I got an e-mail with a link to the limited edition 30th anniversary HP 12C.
I do admit to having several 12C incidents from my early years on Wall Street come rushing back.
My first encounter with the 12C was actually quite embarrassing.
I had just been hired at AG Becker, and the second day on the job my boss asked me to hand verify some numbers coming out of the Fortran program our traders were using to trade Ginnie Mae MBS.
He handed me an HP 12C to do the calculations. It only took a quick glance to see that the calculator in my hand didn’t have an equal sign. It didn’t occur to me that anyone would sell a product that required a user to understand and use something as arcane as Reverse Polish Notation. I had worked with a machine that used that method, back in 1968, but that was a time when every transistor, and therefore every nand or nor gate, was precious and expensive.
Rather than admit that I couldn’t do what he obviously considered a trivial task, I went searching for something I could use. On another floor I found a modified adding machine (a Monroe Bond Trader) no one was using, and I did what was needed.
More on that flawed Monroe calculator later….
The second memory that came back when I saw that 12C was the gift we gave our boss, Jim Crowley, at Prudential when he was elevated to head the investment banking division. We (the Associates) were quite used to Jim expecting us to make him look good by doing all the numbers before he ever met with anyone, so it was natural for us to have a special Lucite “tombstone” made with a 12C embedded inside the block of plastic where Jim would never be able to touch the keypad again.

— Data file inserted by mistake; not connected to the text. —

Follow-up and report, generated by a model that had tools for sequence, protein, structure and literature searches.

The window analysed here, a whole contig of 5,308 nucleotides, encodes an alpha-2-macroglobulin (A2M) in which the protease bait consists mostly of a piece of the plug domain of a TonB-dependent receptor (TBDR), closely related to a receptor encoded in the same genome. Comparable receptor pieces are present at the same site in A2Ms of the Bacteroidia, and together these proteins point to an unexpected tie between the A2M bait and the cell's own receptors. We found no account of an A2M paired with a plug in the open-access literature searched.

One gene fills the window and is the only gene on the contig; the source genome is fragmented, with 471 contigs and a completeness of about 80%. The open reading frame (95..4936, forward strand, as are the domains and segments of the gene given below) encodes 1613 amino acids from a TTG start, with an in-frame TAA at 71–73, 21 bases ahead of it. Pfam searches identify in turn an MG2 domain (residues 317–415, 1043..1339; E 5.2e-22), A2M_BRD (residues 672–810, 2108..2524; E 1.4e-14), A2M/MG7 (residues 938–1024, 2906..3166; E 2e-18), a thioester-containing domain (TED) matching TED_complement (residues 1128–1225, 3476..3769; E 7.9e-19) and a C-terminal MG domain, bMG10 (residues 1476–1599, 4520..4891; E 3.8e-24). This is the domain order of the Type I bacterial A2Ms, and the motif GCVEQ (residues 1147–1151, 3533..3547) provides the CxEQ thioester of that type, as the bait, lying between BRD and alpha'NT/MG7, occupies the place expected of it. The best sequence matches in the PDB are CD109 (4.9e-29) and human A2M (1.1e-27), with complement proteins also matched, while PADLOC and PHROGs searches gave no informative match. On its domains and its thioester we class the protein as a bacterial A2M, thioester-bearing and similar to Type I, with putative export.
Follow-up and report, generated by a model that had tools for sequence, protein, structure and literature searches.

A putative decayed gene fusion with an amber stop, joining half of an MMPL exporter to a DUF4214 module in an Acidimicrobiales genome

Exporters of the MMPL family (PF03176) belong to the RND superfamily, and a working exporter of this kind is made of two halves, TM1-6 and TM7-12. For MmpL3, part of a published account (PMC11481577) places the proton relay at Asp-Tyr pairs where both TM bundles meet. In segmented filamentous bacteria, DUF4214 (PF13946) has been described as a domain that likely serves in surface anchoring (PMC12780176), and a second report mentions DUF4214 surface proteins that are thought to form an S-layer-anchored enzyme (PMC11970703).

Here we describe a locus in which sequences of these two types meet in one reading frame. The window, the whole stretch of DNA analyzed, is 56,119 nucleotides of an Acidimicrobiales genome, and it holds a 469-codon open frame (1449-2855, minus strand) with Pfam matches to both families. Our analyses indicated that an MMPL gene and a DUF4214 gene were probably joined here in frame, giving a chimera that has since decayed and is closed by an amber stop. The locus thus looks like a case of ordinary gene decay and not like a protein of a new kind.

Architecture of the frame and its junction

Still, it’s just a bit much to celebrate the anniversary of a calculator, don’t you think?
I did promise to explain something about the Monroe Bond Trader. That was the (nearly a thousand dollar apiece) calculator that sat on every bond trader’s desk, and on the desks of the higher producing salesmen. It calculated yields if you put in the coupon, price, trade date, payment dates and maturities for conventional (30/360 calendar) corporate or Treasury bonds. What it didn’t do was adjust correctly for actual days or Leap Years. When I wrote my first simple yield calculator program on our new computer, I was informed in very strong terms that my program was wrong, wrong, wrong.
The trader who berated me was sure because my numbers didn’t exactly match the Monroe. It took me nearly a week to figure out what the Monroe was doing (simplifying date-difference calculations) and reprogram my little utility program to match the Monroe numbers. It didn’t matter that the new numbers were slightly wrong — it only mattered that our traders and salesmen were getting the same numbers as the customer and competitors used.
I suppose the most important part of that lesson was the fact that agreeing with the market is sometimes more valued than accuracy.